Teach the Earth > Climate Change > Climate and Energy Webinar Series > February 11 Book Club

The Great Ocean Conveyor: Discovering the Trigger for Abrupt Climate Change
Climate and Energy Webinar Series: February 11, 2011 - Book Club

The Great Ocean Conveyor: Discovering the Trigger for Abrupt Climate Change by Wallace Broecker

Publisher's website | Google Books version of this book | see this book at Amazon

Book Club goals
  • Facilitate a discussion of the role of thermohaline circulation in climate change
  • Share ideas of how concepts from this book can translate into our own courses
Time - 10:00 am Pacific | 11:00 am Mountain | 12:00 pm Central | 1:00 pm Eastern
Duration - 1 hour.
Format - Online discussion via phone and Elluminate web software on the book described below.
Registration - There is no registration fee, but registration is required to save a space (and because space is limited to 10, be sure you can commit before registering). Registration closes when the spaces fill or one week before each event, whichever comes first.
Contact - For questions contact Karin Kirk or Katryn Wiese (kkirk at carleton.edu or katryn.wiese at mail.ccsf.edu).

During our 1-hour book club discussion we will share thoughts from the book and discuss how material or ideas from this book could be useful for teaching in an undergraduate setting. Prior to the book club discussion, participants will be encouraged to share their impressions of the book via a threaded discussion.


"Wally Broecker is one of the world's leading authorities on abrupt global climate change. More than two decades ago, he discovered the link between ocean circulation and climate change, in particular how shutdowns of the Great Ocean Conveyor–the vast network of currents that circulate water, heat, and nutrients around the globe–triggered past ice ages. Today, he is among the researchers exploring how our planet's climate system can abruptly "flip-flop" from one state to another, and who are weighing the implications for the future. In The Great Ocean Conveyor, Broecker introduces readers to the science of abrupt climate change while providing a vivid, firsthand account of the field's history and development." "Could global warming cause the conveyor to shut down again, prompting another flip-flop in climate? What were the repercussions of past climate shifts? How do we know such shifts occurred? Broecker shows how Earth scientists study ancient ice cores and marine sediments to probe Earth's distant past, and how they blend scientific detective work with the latest technological advances to try to predict the future. He traces how the science has evolved over the years, from the blind alleys and wrong turns to the controversies and breathtaking discoveries. Broecker describes the men and women behind the science, and reveals how his own thinking about abrupt climate change has itself flip-flopped as new evidence has emerged.""Rich with personal stories and insights, The Great Ocean Conveyor opens a tantalizing window onto how Earth science is practiced."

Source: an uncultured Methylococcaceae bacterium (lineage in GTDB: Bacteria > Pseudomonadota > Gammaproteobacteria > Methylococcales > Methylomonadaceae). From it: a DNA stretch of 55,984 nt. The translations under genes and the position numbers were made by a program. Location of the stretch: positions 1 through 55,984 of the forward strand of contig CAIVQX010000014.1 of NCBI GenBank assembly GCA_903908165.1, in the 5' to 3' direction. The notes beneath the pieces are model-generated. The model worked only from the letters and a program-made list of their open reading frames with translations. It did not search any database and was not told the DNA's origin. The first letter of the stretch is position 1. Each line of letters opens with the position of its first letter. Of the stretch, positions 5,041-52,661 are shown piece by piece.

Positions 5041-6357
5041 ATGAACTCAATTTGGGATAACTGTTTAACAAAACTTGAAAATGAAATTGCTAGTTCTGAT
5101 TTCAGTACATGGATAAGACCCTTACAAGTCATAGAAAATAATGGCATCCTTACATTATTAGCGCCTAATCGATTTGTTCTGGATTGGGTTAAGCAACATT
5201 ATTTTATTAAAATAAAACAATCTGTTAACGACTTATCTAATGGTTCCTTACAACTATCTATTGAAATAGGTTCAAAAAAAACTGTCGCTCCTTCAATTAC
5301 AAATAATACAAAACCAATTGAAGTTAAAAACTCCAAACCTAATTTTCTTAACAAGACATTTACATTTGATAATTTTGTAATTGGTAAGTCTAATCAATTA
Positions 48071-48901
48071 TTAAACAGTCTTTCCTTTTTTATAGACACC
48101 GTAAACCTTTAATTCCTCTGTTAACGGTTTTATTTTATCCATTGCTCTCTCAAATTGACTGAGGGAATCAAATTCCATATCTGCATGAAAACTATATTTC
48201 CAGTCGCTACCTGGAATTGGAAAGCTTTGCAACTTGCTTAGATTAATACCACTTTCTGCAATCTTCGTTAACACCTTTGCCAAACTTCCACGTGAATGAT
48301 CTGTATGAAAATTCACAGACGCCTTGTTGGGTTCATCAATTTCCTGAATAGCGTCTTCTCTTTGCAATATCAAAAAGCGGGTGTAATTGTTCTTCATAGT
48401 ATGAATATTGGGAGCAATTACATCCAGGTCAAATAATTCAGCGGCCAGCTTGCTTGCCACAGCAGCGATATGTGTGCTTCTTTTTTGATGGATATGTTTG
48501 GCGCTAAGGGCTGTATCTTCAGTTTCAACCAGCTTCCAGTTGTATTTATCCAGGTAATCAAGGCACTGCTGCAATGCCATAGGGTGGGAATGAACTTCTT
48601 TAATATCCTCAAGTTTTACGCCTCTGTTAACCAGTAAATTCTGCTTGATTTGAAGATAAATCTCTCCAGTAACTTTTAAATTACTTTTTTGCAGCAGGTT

"Wally Broecker
is the Newberry Professor of Earth and Environmental Sciences at Columbia University. His books include Fixing Climate: What Past Climate Changes Reveal about the Current Threat–and How to Counter It and Chemical Oceanography. He is a member of the National Academy of Sciences."
From the Princeton University Press website


Summary from Book Club Discussion - Feb 11, 2011

  • Most participants do teach with the principle of the thermohaline "conveyor belt" circulation, but those who teach oceanography courses find that the simplified diagram is too generalized and does not accurately portray the importance of surface currents and the linkages between surface currents and deep water currents.
  • The book was complex and we did not come away with strong conclusions about the precise causes, effects and drivers of thermohaline circulation's role in abrupt climate change. For example, if glacial Lake Agassiz drained north via the Arctic Ocean, is that still thought to have provided sufficient meltwater to prevent deepwater formation?
  • There was general agreement that the most useful application of this book for teaching was its portrayal of the process of science and how the path to scientific understanding is non-linear and comes only after examining and re-examining many lines of data. Similarly, the book illustrated the importance of collaborations between many types of scientists, over the course of many years, to bring new paradigms to light. (See related SERC web resource, Teaching the Process of Science.)
  • A key question we had after completing the book was the potential impact of future slowdowns of the thermohaline circulation on our climate. To what degree is the warming Arctic likely to produce a pool of meltwater that prevents the sinking of new deep water in the North Atlantic? Are there means to measure or predict deep ocean temperature or CO2 concentration? What do the latest research, modeling and measurements tell us about the likelihood of a slowdown of thermohaline circulation? It's still not clear what triggers abrupt changes and what would global warming do.
  • Some monitoring is being done via Argo, which is a global array of 3,000 free-drifting profiling floats that measures the temperature and salinity of the upper 2000 m of the ocean. This allows, for the first time, continuous monitoring of the temperature, salinity, and velocity of the upper ocean, with all data being relayed and made publicly available within hours after collection.
  • A June 2010 Science abstract, Deconstructing the Conveyor Belt presents an alternate view of ocean circulation by examining how the ocean's eddy and wind fields play a role in the ocean's overturning.
  • Peter Mahaffy shared a link to a collection of interactive, web-based educational resources he and others are working on for the International Year of Chemistry. Explaining Climate Change